We have all been there. The sat nav is on the blink and we need to read a map or ask for directions to get where we are going. As the children in the back start asking every few minutes “are we nearly there yet?” the tensions up the front mount. “Why don’t you just ask that chap at the bus stop for directions?” you might ask quite reasonably. But as the man in your life puts his foot down you’re given the reply “I don’t need to ask anyone, I can find it!” Why won’t our men ask for directions?
What is it that turns an otherwise perfectly reasonable man into such a pig-headed pain in the backside when it comes to asking directions? Why would he rather spend half an hour circling a gyratory system or traversing roads where only farm vehicles dare to go than simply ASK?
There is an old joke that goes “Why does it take millions of sperm to achieve fertilisation of an egg?” The answer is that they won’t ask for directions!
Some time ago Chris Moss writing for the Telegraph revealed that only six per cent of men surveyed said that they would look at a map or ask for directions if they were lost. The same paper revealed that men drive an additional 276 miles each year because they’re lost.
Typically they will blame the maps, the road, the signage or even their women for the fact that they are lost, but never, ever themselves! In the same survey, he found out that men, in their lifetimes, will travel the equivalent of the distance from Lands End to John O’Groats because they will not ask the way!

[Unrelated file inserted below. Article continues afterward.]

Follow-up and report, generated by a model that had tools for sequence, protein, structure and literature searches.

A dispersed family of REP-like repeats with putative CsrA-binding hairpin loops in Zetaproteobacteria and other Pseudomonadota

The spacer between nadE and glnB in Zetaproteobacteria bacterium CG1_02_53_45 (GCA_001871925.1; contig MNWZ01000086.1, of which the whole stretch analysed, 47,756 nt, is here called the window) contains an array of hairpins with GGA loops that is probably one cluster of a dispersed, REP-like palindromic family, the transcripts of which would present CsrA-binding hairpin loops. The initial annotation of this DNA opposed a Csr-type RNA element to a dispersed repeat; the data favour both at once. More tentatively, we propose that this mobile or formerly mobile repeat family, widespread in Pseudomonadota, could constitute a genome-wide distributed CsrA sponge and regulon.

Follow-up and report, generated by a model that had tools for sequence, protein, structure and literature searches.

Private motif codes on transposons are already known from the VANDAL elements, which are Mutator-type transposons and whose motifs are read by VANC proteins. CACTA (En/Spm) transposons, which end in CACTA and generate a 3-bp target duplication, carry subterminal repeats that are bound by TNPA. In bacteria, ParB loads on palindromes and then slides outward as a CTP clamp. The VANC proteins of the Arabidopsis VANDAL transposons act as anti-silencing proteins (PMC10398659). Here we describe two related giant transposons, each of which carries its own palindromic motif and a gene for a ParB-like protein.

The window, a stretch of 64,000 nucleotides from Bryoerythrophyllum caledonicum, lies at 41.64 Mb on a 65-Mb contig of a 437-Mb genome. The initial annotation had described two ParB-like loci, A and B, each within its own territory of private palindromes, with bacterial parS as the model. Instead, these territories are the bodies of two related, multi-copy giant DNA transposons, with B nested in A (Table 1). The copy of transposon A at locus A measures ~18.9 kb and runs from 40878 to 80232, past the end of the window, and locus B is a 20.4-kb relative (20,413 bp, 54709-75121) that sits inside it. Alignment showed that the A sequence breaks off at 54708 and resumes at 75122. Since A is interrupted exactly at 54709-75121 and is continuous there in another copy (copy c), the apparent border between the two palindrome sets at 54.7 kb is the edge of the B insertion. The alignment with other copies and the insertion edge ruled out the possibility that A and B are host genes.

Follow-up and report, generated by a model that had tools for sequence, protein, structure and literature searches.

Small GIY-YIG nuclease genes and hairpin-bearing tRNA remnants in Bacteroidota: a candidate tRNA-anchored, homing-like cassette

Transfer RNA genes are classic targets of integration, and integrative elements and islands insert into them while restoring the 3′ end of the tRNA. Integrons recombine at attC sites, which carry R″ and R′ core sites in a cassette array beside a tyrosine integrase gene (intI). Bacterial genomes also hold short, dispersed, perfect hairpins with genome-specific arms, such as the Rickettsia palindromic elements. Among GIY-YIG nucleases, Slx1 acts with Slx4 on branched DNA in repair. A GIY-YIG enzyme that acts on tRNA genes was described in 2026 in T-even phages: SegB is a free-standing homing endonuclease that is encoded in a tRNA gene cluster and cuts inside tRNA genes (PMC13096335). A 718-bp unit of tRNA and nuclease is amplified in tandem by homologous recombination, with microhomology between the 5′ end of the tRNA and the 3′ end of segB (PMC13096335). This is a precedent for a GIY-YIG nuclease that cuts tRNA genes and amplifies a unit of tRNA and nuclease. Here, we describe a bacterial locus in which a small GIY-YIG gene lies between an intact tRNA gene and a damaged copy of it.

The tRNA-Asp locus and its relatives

Women are less stubborn
While it seems that it is a matter of pride for men to get where they are going without asking, women are more focused on getting there in the shortest time and by the shortest route.
So what is behind this peculiar affliction that affects men but not women drivers? Some of the men who would not ask for directions blamed their poor sense of direction for the fact that they would add 20 minutes to their journey just because they would not ask the way! While men doggedly stick to their ‘inner compass’ sure it will guide them, eventually, to where they need to be, women will just ask.
Women are better than men at giving directions.
When asked for directions women make a better job of it than men. Chris Moss probably summed it up well when he said of his own navigational prowess – “Like most men, I think of myself as an eel or a sea-run salmon, knowing instinctively where to go.”
This is clearly a case of pride coming before a fall or at least a 30-mile detour. A lot of men won’t rely on the sat nav, even if it is working, preferring to show their skills at navigating. So this is clearly a ‘male thing.’
Women are happy enough to rely on the sat nav to get where they are going and won’t think they know better than their electronic friend. And if things do go wrong and they find themselves up the proverbial creek without a clue they are more than happy to wind the window down and ask for directions.
If you are planning some road trips this summer with your partner, it may be worth taking a map reading course so that you can gently guide your explorer partner when things go awry. We know that our OWO readers are up to the task of even the most complex navigation and, if they can hear it, above the sound of the kids in the back, are quite happy to have the input of the sat nav. There is clearly no joy in spending extra time on the road when you could be enjoying yourself on holiday!